News / Utah / 

File Photo

MacNeill allegedly told inmates his wife's death can't be proved as murder

By Jennifer Dobner | Posted - Nov. 4, 2013 at 9:12 p.m.

This archived news story is available only for your personal, non-commercial use. Information in the story may be outdated or superseded by additional information. Reading or replaying the story in its archived form does not constitute a republication of the story.

PROVO — Four inmates who knew Martin MacNeill in federal prison are expected to tell jurors Tuesday that the former doctor used slurs when speaking of his wife and told them that police could never prove that her death was a murder.

According to prosecutors, the men are also expected to testify that they heard MacNeill say he was glad his wife, Michele, was dead.

The fourth week of the five-week trial resumes Tuesday morning. MacNeill, 57, is charged with murder, a first-degree felony, and obstruction of justice, a second-degree felony, in his wife’s April 11, 2007, death.

The former California beauty queen, 50, was found dead and partially submerged in the bathtub of the couple’s Pleasant Grove home about one week after having plastic surgery. Prosecutors say MacNeill overdosed his wife on pain medication and other drugs before drowning her in the tub.

The death was not investigated as a homicide until 2008, after family members came forward with their suspicions that MacNeill had murdered his wife in order to be with his mistress.

During opening statements of the trial, deputy Utah County attorney Sam Pead told the jury of six men and five women that MacNeill told one inmate that he gave Michele the drugs “to get her to pass out and die” and had “held her under the water to help her out.”

Related Stories:

All four of the inmates scheduled to testify are incarcerated in federal prisons in Texas. They knew MacNeill while he was serving a four-year term following his 2009 conviction on two counts of aiding and abetting aggravated identity theft. The charges stem from MacNeill’s theft of identification documents belonging to his 16-year-old adopted daughter. He then used the papers to create a new, fake identity for his mistress, Gypsy Willis. She was also charged and served a federal prison sentence.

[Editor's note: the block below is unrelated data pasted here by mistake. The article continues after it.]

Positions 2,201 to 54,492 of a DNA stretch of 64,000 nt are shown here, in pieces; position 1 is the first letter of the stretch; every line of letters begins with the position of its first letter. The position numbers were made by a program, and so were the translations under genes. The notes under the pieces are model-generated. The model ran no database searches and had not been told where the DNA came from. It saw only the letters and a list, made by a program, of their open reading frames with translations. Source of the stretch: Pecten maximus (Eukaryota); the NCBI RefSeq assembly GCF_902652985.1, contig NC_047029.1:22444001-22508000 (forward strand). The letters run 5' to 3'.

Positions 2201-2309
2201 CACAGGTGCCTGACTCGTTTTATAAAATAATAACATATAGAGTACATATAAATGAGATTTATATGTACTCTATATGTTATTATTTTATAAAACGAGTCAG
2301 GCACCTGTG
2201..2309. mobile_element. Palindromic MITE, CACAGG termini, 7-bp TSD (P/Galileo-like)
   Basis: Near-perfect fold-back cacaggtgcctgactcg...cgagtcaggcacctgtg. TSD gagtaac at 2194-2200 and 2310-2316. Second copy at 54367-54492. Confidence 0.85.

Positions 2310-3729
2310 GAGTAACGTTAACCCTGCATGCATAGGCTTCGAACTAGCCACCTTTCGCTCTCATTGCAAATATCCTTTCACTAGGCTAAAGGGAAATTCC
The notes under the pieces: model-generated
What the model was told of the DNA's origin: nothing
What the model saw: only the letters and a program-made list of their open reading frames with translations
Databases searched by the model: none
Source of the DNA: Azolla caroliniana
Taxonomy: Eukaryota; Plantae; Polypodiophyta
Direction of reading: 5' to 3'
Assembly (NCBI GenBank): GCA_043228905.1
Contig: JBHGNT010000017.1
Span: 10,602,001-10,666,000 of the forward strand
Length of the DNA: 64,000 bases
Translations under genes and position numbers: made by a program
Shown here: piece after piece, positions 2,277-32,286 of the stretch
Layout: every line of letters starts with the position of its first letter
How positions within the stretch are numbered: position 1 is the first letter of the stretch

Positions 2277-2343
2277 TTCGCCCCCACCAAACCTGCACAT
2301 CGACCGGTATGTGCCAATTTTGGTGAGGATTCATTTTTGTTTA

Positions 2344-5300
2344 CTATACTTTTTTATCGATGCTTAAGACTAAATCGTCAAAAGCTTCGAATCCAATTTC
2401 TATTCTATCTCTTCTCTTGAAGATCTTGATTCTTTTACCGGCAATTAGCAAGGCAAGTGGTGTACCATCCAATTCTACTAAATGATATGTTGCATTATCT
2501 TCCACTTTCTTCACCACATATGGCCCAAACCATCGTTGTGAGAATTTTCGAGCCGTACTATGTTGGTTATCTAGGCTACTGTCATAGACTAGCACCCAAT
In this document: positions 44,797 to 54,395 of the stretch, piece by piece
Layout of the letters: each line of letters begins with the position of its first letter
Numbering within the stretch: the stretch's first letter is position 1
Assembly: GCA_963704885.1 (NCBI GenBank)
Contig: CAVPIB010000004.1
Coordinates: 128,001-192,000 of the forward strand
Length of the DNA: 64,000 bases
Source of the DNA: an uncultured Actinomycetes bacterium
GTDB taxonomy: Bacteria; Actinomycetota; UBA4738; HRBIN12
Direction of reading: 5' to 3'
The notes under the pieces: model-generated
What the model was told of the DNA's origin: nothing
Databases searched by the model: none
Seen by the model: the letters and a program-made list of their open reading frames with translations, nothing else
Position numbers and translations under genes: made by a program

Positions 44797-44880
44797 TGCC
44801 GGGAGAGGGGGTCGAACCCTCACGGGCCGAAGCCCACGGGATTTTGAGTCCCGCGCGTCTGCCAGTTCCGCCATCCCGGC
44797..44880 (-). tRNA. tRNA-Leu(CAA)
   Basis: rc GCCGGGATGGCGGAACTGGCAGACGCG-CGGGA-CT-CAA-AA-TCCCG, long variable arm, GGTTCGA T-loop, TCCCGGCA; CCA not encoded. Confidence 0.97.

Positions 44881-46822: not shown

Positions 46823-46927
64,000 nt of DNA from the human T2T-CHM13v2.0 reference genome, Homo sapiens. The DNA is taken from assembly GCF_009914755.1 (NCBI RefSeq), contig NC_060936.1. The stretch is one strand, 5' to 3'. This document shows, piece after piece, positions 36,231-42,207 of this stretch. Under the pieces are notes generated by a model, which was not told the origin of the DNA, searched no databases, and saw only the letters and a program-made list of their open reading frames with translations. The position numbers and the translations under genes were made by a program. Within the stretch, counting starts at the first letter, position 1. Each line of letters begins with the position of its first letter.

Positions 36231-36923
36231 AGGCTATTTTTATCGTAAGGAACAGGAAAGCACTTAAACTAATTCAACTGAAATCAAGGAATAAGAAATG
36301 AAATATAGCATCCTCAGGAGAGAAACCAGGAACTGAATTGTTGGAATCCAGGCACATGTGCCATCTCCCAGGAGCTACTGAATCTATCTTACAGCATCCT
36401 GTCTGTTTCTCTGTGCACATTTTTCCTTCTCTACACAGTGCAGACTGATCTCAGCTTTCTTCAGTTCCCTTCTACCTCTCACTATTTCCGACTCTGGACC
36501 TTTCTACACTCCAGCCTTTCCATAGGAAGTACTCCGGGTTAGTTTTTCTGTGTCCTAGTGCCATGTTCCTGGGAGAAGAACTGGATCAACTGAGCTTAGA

Also in 2009, MacNeill pleaded guilty to three state felonies, including insurance fraud and forgeries, for which he was sentenced to three years in jail. The term was served concurrently with the federal prison sentence, which ended in 2012.

Jurors won’t hear any of the details of MacNeill’s past state or federal criminal charges or about the prison time he’s served. Defense attorneys Randall Spencer and Susanne Gustin argued such information could prejudice the jury and could prohibit MacNeill from getting a fair trial on the murder charge. A judge agreed and barred the information from the current trial.

Still, prosecutors will call on four men, whom they contend help connect the dots in their case against MacNeill.

Being a snitch is a dangerous position to be in. Others know what they are about to be involved in. ... I think it's implied that they will face violence.

–Sam Pead, Deputy Utah County attorney

Out of concern for their safety, none of the four men set to testify will be identified by name — they’ll be identified by the word "inmate" and the numbers one through four. Judge Derek P. Pullan has also barred the news media from using video or still images of the men’s faces.

In court last week, Pead told Pullan the men had concerns for their safety because others inside the prison believed they were being taken to testify against MacNeill. None were threatened directly, Pead said, but some were told to “pack up” and to “say hi to Doc,” a nickname that was used for MacNeill in prison. One of the four also belongs to a prison gang, which possibly leaves him at an increased risk.

“Being a snitch is a dangerous position to be in,” Pead told the judge. “Others know what they are about to be involved in. ... I think it’s implied that they will face violence.”

All four inmates have asked to be moved to other prisons, Pead said. That decision rests with the Federal Bureau of Prisons and it was not clear last week whether the requests would be considered or honored.

Related Stories

Jennifer Dobner

    KSL Weather Forecast